Cocoa polyphenol extract inhibits TNF-α-induced mitogen-activated protein kinase kinase-1 activity and directly binds mitogen-activated protein kinase kinase-1

We previously showed that CPE suppressed 12-O-tetradecanoylphorbol-13-acetate (TPA)-induced cell transformation and MMP-2 expression though direct inhibition of MEK activity(18, 19). Similarly here, CPE inhibited TNF-α-induced phosphorylation of ERK but not MEK. CPE dose-dependently suppressed TNF-α-induced MEK1 activity in JB6 P+ cells (Fig. 6(a)). To further confirm whether CPE directly interacts with MEK1, we used a CPE pull-down assay. MEK1 in the cell lysate of TNF-α-treated JB6 P+ cells bound to the CPE–Sepharose 4B beads (Fig. 6(b); lane 3), but not to the Sepharose 4B beads alone (Fig. 6(b); lane 2), indicating that CPE could directly bind to MEK1 and inhibit MEK1 activity.

Fig. 6 Cocoa polyphenol extract (CPE) suppresses TNF-α-induced mitogen-activated protein kinase kinase-1 (MEK1) activity and directly binds MEK1. (a) CPE inhibits TNF-α-induced MEK1 activity. Promotion-sensitive (P+) JB6 mouse epidermal cells were pretreated with CPE (5, 10 or 20 μg/ml) for 1 h and then stimulated with TNF-α at 4 ng/ml for 30 min. Cells were harvested, and immunoprecipitation and MEK1 activity assays were performed as described in Materials and methods. Values are means, with standard deviations represented by vertical bars. ** Mean value was significantly different from that of the TNF-α-only-treated cells (P < 0·01). (b) CPE specifically binds with MEK1. The MEK1–CPE binding was confirmed by immunoblotting using an antibody against MEK1. Lane 1, MEK4 protein standard served as an input control; lane 2, as a negative control, Sepharose 4B was used to pull down MEK1; lane 3, MEK1 was pulled down using CPE–Sepharose 4B affinity beads.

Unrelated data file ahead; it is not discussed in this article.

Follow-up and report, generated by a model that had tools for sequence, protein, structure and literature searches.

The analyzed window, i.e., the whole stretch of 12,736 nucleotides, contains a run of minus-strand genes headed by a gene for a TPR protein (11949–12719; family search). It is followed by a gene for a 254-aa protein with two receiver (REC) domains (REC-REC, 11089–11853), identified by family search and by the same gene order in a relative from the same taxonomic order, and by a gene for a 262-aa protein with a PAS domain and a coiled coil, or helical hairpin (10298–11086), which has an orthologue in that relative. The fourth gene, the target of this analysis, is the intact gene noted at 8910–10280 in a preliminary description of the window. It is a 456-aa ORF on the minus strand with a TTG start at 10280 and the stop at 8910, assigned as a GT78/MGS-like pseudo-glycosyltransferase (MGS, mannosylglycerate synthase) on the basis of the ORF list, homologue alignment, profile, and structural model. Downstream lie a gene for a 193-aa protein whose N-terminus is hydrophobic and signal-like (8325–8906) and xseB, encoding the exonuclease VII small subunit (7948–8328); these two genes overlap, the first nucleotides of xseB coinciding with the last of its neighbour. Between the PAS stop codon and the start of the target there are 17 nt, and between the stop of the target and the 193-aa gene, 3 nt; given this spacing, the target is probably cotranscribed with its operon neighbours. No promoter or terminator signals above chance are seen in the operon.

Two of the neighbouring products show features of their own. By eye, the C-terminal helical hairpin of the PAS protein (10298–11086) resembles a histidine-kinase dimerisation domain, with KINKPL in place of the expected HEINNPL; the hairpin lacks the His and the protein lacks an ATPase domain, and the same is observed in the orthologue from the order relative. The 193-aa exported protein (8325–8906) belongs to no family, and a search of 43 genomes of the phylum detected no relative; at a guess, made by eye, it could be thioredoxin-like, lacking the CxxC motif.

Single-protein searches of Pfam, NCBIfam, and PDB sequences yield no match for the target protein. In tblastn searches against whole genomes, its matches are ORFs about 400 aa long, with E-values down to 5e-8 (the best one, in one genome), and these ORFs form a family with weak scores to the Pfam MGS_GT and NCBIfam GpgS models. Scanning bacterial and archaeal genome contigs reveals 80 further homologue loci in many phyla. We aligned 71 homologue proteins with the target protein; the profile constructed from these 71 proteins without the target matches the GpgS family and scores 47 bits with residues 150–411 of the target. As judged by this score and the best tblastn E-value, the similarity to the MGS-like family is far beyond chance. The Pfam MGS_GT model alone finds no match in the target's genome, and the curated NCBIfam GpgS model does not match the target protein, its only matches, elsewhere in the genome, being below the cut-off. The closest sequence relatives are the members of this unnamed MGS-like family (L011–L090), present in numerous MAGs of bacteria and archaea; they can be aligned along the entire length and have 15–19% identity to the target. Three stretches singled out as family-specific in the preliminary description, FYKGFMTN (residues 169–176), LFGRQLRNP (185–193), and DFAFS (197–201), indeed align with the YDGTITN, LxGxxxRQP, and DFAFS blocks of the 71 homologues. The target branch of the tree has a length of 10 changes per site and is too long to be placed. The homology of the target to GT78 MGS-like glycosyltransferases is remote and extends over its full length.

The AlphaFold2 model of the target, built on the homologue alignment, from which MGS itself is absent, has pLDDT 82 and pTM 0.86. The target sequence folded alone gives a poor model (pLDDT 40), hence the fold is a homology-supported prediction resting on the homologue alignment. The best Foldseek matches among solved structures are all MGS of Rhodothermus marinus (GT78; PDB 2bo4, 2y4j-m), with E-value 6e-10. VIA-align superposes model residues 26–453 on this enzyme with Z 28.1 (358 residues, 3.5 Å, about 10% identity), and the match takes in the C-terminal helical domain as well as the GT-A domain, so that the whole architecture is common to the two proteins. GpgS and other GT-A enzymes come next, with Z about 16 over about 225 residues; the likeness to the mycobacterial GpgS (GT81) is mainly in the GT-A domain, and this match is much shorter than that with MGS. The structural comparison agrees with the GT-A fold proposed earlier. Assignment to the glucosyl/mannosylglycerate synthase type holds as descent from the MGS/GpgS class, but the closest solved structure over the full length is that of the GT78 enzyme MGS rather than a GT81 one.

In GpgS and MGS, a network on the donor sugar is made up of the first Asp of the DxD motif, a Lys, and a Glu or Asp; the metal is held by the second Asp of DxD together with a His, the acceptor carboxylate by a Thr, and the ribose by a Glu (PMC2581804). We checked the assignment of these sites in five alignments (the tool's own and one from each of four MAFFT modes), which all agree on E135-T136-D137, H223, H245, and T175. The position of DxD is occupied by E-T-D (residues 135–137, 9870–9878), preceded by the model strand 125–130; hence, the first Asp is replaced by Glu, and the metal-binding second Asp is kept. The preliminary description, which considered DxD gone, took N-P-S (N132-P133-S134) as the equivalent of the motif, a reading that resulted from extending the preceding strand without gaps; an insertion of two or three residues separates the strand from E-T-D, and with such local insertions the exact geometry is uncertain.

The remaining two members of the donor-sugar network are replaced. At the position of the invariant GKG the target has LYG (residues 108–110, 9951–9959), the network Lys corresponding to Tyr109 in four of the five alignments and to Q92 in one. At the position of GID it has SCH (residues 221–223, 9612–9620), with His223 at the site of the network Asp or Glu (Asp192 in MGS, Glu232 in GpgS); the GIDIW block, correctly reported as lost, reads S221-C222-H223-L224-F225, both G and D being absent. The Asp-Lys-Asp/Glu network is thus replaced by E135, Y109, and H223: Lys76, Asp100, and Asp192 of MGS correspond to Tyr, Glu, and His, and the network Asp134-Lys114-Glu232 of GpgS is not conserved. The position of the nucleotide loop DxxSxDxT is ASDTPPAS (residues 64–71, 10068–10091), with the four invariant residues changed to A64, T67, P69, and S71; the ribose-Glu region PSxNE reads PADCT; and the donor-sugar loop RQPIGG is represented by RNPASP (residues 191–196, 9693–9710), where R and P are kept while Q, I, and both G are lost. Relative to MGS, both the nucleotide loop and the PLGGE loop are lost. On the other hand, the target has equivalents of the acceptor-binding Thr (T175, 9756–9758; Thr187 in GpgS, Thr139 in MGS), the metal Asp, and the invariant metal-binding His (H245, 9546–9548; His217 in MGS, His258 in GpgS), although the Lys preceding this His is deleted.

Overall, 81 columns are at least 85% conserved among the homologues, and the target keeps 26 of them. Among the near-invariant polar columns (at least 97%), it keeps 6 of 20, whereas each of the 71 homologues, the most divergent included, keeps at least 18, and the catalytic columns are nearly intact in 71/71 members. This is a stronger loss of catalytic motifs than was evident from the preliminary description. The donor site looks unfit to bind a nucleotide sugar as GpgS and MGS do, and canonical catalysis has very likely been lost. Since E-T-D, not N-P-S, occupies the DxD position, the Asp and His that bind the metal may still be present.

Discussion

TNF-α is a key regulator of inflammation and plays vital roles in inflammatory diseases such as cancer, rheumatoid arthritis, Crohn's disease, diabetes and psoriasis. TNF-α induces the anchorage-independent growth of mouse epidermal JB6 P+ cells(20). Knockout mice (TNF-α − / − ) are more resistant to TPA-induced skin tumour promotion than wild-type mice(21, 22). Neutralising TNF-α with an antibody also inhibits the development of skin tumours(23). These results suggest that targeting TNF-α signalling can be an important strategy for delaying the promotion of skin tumours.

Cocoa contains large amount of flavonoids. It comprises mainly catechins, flavonol glycosides and procyanidins. Our previous study using the identical CPE shows that the CPE had 413 mg epicatechin equivalent flavonoids per g. This demonstrates that 40 % of CPE is comprised of flavonoids(13). We suggested that flavonoids can act as PI3K and MEK inhibitors(15, 24, 25). Therefore, inhibitory effects of CPE on PI3K and MEK activity could be due to flavonoids contained in CPE.

When individuals consume dark chocolate, the substances epicatechin, catechin, procyanidin B2 or procyanidin B2 gallate are detected in their plasma(26). In a recent clinical study, 45 g dark chocolate containing up to 70 % cocoa was fed to human volunteers. Plasma epicatechin concentration of the volunteers was raised up to 155 ng/ml(27). In this study only epicatechin concentration was measured. However, chocolate is comprised of many other flavonoids(28). The sum of flavonoid concentration would be much higher than that of epicatechin only. The CPE used in the present study was effective, starting from 5 μg/ml. Therefore, the concentration (5 to 20 μg/ml) of CPE which we used in the present study seems to be a reliable dose.

In the present study, we found that CPE (5 to 20 μg/ml) dose-dependently inhibited TNF-α-induced VEGF expression in JB6 P+ cells. Cocoa polyphenols exhibit free radical-scavenging activity, as determined by both 2,2′-azino-bis(3-ethylbenzothiazoline-6-sulfonic acid) (ABTS) and 2,2-diphenyl-1-picrylhydrazyl (DPPH) radical-scavenging assays and anti-inflammatory effects in mouse skin(12). Cocoa polyphenols also suppressed the growth of Caco-2 human colon cancer cells through a blockade of the cell cycle at the G2/M phase(29). Further, cocoa polyphenols suppressed lung and pancreatic tumorigenesis in a male rat multi-organ carcinogenesis model(29, 30), and TPA-induced tumour promotion in a mouse two-stage skin tumorigenesis model initiated with 7,12-dimethylbenz[a]anthrathene(31). Thus, the present results support the chemopreventive potential of cocoa polyphenols.